Alawite defections from Syrian army may be on rise

Unverified intel leaks, video clips indicate members of Assad’s sect, Shi’ites pledging loyalty to opposition.

March 8, 2012 03:18
3 minute read.
SALAH HABIB SALAH defects to join Free Syria Army

Syria army defector 370. (photo credit: YouTube screenshot)


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Defections of Syrian soldiers and officers from President Bashar Assad’s Alawite sect may be on the rise, according to unconfirmed intelligence reports and video clips that emerged this week.

An unverified document leaked from the intelligence group Stratfor quoted a Hezbollah source as saying Alawite officers have begun joining the Free Syrian Army in response to the mounting death toll from the government’s year-long counterinsurgency.

“Alawite officers are divided since many of them are unhappy about the use of excessive force against Sunni protesters,” the source reportedly said. “Alawite officers are aware that Assad is trying to find asylum for himself and his family should his regime become unsalvageable.

“This is upsetting many Alawites who are coming to realize that Assad will abandon them. If so, they reason that it would be suicidal to continue to win the wrath of the Sunnis,” he reportedly said.

The comments, dated to December, were leaked late last month by the whistle-blowing website Wikileaks.

Alawites follow a syncretic creed with origins in Shi’ite Islam. Members of the community make up just 12 percent of Syria’s population, but since Assad’s father Hafez seized the presidency in 1971, they have held the majority of high-level government and military positions.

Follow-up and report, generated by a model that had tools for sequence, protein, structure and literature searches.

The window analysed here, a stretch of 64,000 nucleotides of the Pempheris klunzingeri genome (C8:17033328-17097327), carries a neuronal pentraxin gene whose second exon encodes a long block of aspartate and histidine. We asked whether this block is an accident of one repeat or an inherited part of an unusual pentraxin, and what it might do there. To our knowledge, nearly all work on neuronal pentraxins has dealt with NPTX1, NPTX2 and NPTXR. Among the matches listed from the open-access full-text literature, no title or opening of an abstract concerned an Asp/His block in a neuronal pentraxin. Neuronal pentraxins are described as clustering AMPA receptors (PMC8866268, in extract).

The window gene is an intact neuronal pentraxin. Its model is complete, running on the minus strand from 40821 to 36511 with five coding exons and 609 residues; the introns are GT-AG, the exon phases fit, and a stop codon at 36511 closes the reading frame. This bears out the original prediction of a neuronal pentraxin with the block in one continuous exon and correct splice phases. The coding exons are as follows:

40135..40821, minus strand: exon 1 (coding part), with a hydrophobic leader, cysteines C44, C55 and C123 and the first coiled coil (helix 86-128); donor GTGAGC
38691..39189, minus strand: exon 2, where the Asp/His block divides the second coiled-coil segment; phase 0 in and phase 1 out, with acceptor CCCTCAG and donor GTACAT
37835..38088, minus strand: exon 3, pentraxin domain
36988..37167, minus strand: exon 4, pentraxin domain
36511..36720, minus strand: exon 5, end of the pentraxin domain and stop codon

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A video clip posted to YouTube on Monday showed around a dozen armed men, describing themselves as the “Free Alawites,” pledging loyalty to the Free Syrian Army. The speaker, who appeared in a similar clip last week, identifies himself as Captain Salih Habib Salih.

The video is labeled as having been filmed in Idlib Province, an area in northwest Syria that is a center of anti-Assad opposition.

“I’d say that there are anywhere from 50 to 200 defections per day,” said Michael Nahum, an Arabic media analyst who studied at Damascus University prior to the outbreak of protests a year ago. “The pace of defections is more than most people realize.

Analysts keep calling it a ‘trickle,’ but it’s not.”

“They’re losing hundreds of soldiers every week. On bad weeks, maybe in excess of a thousand,” Nahum said from Washington.

On Tuesday footage was posted to YouTube purporting to show members of the Shi’ite minority forming the “Hassan and Hussein Brigades” and pledging their loyalty to the opposition.

Hassan and Hussein, grandchildren of Islam’s prophet Muhammad, are revered by Shi’ite Muslims as imams, or spiritual leaders.

The gunmen may belong to Syria’s 200,000-strong community of Ismailis (the world’s second-largest stream of Shi’ism) or its tiny community of Twelvers (the main Shi’ite branch worldwide).

Along with Syria’s other religious minorities, the country’s Ismailis and Twelvers have traditionally supported the Assad regime.

It is impossible to verify whether the militiamen pictured are indeed Shi’ite, or members of the mostly Sunni opposition aiming to defuse the regime’s claim that is being targeted by Sunni Islamists.

Even if the clip is authentic, it is difficult to identify where precisely it was filmed.

Quneitra is an abandoned city just beyond the Israeli-annexed Golan Heights that was largely destroyed in the 1973 Yom Kippur War. Syria never rebuilt the city, but instead built a new town on its outskirts called New Quneitra. The abandoned city was once capital of Quneitra Governorate, which today is taken up mostly by the Israeli-controlled Golan.

Nahum said the current pace of defections keeps the uprising in a state of limbo.

“There are too many defectors for Assad to win, but not enough for him to lose,” he said. “It’s a long, slow bleed.”

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